4. New Product Launches - there's no rule that says you can't use your Pinboards to promote the products or services you sell. When you get in a fresh batch of your latest product, why not pin an image of those products going onto the shelves? Come in and get yours before they're all gone. Feel free to update the board as your limited supply leaves the shelves - you just might drive in-store traffic. You can do the same with sale items, clearance items or event items that you sell online. Show images of your trucks being loaded with product heading out to all your retail stores if you're a wholesaler. Customers buy from you, why not remind them what they buy?
5. It's Okay to Be Fun and Goofy - you don't have to be serious with everything on Pinterest. Consider putting a funny or witty spin on the drab and boring stuff some might perceive about your business. GE does a great job of this with their "Big Ass Machines" board. They show pictures of, well, big ass machines they manufacture. They could have called the board something more descriptive (and boring), but we wouldn't be talking about it. What do you joke about inside the company that people outside your company wouldn't know about? That type of stuff can be gold on Pinterest.
6. Pay It Forward - it's not all about you. Consider sharing content from other brands' boards to generate interest for your own brands. Are you inspired by the products and services other brands post on their boards? Create a board of your inspirations or things you love and share it with your community. Those brands - and the people enjoying your curated content - will reward you by sharing your content. Pay it forward.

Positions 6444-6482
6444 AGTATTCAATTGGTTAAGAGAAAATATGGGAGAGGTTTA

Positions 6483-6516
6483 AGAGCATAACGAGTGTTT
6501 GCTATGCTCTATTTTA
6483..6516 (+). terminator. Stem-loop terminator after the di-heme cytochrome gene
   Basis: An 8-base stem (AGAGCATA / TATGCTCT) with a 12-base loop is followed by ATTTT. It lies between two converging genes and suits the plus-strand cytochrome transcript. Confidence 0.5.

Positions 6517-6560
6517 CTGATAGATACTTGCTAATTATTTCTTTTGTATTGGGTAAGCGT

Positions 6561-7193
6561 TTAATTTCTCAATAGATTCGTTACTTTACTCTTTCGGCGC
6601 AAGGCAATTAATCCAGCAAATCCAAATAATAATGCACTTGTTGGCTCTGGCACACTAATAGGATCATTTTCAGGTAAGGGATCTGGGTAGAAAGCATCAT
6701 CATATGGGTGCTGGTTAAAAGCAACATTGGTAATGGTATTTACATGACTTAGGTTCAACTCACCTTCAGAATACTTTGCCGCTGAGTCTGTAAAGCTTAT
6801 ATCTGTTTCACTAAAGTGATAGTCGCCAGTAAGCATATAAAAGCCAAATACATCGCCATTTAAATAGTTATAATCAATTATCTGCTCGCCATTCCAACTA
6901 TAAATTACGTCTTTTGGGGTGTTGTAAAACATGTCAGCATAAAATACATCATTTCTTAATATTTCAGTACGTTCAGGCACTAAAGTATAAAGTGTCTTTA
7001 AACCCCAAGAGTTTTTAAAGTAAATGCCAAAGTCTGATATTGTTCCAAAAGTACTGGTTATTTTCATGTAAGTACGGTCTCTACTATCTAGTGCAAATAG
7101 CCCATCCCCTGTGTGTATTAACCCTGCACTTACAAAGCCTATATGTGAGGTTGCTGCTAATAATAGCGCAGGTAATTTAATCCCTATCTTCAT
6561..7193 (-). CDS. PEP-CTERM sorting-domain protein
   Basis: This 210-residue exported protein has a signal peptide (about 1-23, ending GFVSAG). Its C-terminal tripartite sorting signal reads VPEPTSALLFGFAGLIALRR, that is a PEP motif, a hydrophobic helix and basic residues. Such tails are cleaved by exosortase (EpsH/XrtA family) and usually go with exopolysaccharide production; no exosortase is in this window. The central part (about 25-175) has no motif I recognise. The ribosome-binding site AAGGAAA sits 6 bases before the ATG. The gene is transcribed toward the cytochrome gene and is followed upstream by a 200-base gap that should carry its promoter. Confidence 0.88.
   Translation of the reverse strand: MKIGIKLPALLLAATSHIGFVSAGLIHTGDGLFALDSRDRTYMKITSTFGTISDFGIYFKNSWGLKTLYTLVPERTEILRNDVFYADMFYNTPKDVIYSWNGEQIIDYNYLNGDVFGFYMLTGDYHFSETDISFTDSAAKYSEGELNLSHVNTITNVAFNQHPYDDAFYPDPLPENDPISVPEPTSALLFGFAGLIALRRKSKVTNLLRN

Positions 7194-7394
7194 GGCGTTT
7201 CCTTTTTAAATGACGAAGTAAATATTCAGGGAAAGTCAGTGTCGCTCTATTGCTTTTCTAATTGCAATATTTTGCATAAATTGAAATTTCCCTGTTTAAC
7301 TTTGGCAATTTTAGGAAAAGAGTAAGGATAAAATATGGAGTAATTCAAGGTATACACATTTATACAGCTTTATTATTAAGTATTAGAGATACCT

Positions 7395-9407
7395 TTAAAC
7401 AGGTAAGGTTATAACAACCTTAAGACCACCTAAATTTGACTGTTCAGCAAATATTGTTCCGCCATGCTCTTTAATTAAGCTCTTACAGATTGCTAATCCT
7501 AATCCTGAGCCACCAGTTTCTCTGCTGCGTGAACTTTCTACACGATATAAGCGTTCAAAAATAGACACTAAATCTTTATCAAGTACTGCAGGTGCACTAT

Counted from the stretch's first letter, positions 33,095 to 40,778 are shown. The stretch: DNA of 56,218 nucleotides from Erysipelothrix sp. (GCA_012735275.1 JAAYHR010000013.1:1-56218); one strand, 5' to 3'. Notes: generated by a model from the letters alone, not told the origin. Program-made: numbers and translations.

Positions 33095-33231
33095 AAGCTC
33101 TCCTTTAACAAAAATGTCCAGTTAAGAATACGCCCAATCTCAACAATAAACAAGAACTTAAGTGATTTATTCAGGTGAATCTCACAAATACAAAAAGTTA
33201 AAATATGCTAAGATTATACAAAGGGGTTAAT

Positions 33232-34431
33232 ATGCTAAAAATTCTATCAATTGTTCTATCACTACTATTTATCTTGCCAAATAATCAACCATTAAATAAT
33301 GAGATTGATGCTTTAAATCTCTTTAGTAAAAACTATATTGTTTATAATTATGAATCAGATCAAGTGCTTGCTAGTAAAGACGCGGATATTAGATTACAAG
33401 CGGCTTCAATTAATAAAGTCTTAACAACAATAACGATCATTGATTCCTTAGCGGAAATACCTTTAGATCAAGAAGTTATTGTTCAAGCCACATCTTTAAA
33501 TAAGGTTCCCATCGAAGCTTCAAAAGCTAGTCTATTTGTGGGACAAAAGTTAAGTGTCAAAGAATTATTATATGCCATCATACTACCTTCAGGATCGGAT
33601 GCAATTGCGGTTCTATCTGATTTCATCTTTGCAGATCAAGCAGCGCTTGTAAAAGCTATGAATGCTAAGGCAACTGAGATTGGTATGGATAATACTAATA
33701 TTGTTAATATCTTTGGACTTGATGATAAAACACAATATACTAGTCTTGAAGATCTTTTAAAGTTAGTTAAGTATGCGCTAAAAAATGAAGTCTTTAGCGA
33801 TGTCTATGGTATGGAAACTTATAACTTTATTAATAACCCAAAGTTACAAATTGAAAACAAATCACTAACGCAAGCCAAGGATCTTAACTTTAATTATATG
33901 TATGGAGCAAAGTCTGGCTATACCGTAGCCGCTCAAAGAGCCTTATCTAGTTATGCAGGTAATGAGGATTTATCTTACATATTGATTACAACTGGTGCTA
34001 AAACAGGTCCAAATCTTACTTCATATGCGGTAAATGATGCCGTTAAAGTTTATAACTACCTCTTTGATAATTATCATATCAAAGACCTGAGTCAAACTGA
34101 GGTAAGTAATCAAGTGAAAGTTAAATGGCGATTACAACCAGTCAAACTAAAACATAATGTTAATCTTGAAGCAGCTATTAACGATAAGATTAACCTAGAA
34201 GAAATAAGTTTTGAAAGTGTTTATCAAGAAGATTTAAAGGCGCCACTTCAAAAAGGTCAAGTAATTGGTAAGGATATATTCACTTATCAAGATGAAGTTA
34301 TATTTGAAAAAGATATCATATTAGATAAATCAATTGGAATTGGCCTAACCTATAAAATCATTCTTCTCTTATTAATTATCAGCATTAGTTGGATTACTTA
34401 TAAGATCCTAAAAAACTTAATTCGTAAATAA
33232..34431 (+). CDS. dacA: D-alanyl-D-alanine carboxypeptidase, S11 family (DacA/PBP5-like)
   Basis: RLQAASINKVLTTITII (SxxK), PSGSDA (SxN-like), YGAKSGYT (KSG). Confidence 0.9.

BONUS: here's a bonus tip for you… are you looking for clever images to include with your blog posts? Embed an image from your Pinterest board as the visual to complement your next blog post. You'll drive traffic to your Pinterest boards from your blog - but you'll also attract new readers to your blog from Pinterest.
What ideas do you have for telling your brand stories via Pinterest? How can your favorite brands leverage Pinterest to make their content more interesting and engaging? What are you doing on Pinterest that our readers would be interested in? Share your thoughts in the comments below.
Want more about Pinterest? Check out these Definition 6 resources: